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Sunday, December 9, 2012

Students And Teachers Are Harmed By Walcott/Bloomberg's "Curriculum" of Common Core Standards

Are you in a school where the principal requires you to use Common Core Standards as a curriculum?

Common Core is not a curriculum. I am taking action by exposing this tactic which hurts not only students but teachers as well!

I suggest that if you are a teacher being pushed into 3020-a for not teaching to the "curriculum" of Common Core Standards that you file a grievance and contact me at

Here's the UFT press release on the issue of Common Core Standards used as curriculum:

DOE failure to provide curriculum and training threatens city results on new state tests


Although new state tests will be rolled out this spring based on demanding Common Core national standards, almost 8 out of 10 New York City teachers surveyed said the city’s Department of Education has yet to address the new learning benchmarks, including failing to provide any curriculum or other instructional materials keyed to the new standards.
And more than half of the teachers surveyed said they had received no training to get their students ready for the tougher courses and exams, while many of those who did attend training sponsored by the DOE said the sessions were too few and too short.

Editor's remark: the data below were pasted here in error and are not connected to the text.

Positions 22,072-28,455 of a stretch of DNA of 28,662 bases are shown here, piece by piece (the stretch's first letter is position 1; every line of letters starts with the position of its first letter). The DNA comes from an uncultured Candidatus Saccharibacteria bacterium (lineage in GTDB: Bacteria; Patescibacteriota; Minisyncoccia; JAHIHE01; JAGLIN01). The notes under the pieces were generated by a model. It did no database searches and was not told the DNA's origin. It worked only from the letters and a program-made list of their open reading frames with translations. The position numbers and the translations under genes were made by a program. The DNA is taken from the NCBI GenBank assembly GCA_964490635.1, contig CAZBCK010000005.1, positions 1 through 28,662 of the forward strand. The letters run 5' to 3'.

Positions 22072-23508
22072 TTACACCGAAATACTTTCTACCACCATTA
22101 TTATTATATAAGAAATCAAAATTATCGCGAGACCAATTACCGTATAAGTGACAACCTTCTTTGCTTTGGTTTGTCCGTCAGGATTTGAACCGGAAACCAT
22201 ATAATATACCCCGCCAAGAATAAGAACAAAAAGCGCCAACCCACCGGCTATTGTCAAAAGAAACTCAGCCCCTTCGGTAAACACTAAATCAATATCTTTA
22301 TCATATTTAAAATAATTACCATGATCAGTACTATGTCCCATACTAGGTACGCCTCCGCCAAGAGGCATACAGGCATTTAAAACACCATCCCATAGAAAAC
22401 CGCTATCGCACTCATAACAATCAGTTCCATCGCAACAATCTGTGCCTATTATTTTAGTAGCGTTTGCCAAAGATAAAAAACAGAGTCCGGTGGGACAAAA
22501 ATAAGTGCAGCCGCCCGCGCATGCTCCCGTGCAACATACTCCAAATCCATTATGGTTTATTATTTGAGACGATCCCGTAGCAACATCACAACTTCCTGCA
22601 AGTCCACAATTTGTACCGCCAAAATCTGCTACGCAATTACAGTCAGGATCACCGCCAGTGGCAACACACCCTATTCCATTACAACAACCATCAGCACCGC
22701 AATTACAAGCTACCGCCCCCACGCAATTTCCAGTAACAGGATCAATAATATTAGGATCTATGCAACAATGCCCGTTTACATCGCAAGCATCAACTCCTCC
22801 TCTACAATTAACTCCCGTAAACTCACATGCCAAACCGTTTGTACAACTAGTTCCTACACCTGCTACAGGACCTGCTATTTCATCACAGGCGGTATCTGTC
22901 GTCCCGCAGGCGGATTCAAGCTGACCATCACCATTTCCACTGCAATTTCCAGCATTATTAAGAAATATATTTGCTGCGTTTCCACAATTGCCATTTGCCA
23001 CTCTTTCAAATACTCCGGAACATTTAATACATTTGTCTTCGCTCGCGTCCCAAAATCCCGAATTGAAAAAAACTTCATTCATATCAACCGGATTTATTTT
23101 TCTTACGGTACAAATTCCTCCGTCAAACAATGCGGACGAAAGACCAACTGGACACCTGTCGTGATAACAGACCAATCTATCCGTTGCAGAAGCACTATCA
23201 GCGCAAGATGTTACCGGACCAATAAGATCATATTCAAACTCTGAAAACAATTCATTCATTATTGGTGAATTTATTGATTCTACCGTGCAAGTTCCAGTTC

The problem is particularly acute for many high-needs students. According to the survey, half the teachers who have special ed students said those students were not getting the help they needed to reach grade level, and more than four in ten teachers said their school was unable to provide the appropriate programs and mandated services to English language learners in their classes.
UFT President Michael Mulgrew said: “For more than two years the city has known this day was coming. But little was done, and it’s starting to feel like the DOE has given up the fight to help our children learn. We face the real possibility of plummeting test scores, but Tweed has apparently decided that schools and teachers are not going to get any help in getting kids ready to meet higher standards.”
The new tests are designed to require more reasoning from students, a deeper understanding of math concepts and procedures, and more focus on non-fiction and more complex reading material. Kentucky, the first of more than 40 states to issue tests based on materials similar to the Common Core, reported a 30 percent drop in test scores in its first round.
“Everything is being made up as we go along,” said Queens elementary school teacher Marci Cooper. She said she and her colleagues are trying to re-tool their current math curriculum themselves since only about 60 percent of their current math program is still usable.

Tim Clifford, an English teacher with 24 years classroom experience, said the new reading test for 8th grade covers content that used to be taught in 10th grade, describing it as “Much more difficult. We are working with students, creating our own curriculum, but it is a big jump.”